Green’s Dictionary of Slang

peck n.1

[SE peck, to eat (of a bird); the concepts of food and business are closely allied here]

1. [mid-16C+] (orig. UK Und.; later use US black/gang, also pecks) food, often meat.

2. [late 19C] an appetite.

3. [late 19C–1900s] a business, a concern.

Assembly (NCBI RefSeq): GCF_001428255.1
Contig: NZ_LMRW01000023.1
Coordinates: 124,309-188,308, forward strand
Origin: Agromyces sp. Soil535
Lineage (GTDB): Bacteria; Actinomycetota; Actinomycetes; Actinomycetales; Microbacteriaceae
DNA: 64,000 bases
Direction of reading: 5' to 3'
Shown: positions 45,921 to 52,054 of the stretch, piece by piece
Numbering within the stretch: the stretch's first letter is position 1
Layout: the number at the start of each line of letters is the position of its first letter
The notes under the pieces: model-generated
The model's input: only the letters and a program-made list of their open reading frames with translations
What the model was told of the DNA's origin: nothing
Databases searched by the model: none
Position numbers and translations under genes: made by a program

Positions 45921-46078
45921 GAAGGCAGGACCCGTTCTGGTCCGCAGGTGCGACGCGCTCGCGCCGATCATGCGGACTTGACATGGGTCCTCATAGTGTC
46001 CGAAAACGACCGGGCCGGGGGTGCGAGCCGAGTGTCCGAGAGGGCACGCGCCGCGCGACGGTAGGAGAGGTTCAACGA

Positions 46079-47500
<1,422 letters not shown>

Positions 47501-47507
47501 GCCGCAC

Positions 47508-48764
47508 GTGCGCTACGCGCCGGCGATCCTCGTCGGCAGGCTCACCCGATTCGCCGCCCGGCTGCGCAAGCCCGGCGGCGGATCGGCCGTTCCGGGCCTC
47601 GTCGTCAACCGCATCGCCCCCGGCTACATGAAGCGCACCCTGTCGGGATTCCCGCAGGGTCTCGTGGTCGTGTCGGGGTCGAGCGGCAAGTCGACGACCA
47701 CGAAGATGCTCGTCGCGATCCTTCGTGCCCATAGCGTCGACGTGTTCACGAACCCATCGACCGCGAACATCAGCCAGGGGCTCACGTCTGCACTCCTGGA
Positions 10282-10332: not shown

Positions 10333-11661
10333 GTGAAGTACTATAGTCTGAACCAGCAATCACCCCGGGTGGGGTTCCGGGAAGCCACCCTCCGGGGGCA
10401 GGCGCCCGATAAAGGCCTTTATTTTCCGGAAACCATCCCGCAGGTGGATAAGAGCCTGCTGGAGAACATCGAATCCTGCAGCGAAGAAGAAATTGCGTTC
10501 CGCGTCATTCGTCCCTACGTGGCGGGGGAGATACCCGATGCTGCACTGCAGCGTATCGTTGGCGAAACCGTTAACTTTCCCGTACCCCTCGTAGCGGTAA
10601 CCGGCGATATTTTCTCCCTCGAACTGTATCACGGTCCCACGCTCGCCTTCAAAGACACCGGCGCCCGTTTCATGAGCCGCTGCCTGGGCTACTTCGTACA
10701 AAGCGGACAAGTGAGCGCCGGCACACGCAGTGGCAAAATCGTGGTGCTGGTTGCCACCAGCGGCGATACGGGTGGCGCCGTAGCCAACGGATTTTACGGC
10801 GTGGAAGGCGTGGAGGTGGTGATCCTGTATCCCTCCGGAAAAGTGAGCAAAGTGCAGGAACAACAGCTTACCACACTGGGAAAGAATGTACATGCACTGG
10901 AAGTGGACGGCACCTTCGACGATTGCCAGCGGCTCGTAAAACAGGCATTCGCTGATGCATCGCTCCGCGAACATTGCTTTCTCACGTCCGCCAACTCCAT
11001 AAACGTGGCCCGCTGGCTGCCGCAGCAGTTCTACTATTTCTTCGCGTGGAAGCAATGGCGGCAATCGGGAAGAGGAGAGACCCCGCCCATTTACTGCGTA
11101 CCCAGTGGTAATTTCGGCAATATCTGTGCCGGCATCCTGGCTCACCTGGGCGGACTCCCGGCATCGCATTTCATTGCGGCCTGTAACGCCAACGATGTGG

In derivatives

peckage (n.) (also peckadge, peckeridge, peckidge)

[17C–mid-19C] (UK Und.) food, esp. scraps.

peckings (n.)

[1940s–50s] (US black) food.

In compounds

peck alley (n.)

[mid-19C] the throat.

peck and perch (n.)

[early 19C] board and lodging.

In phrases

off one’s peck

[late 19C–1900s] having no appetite.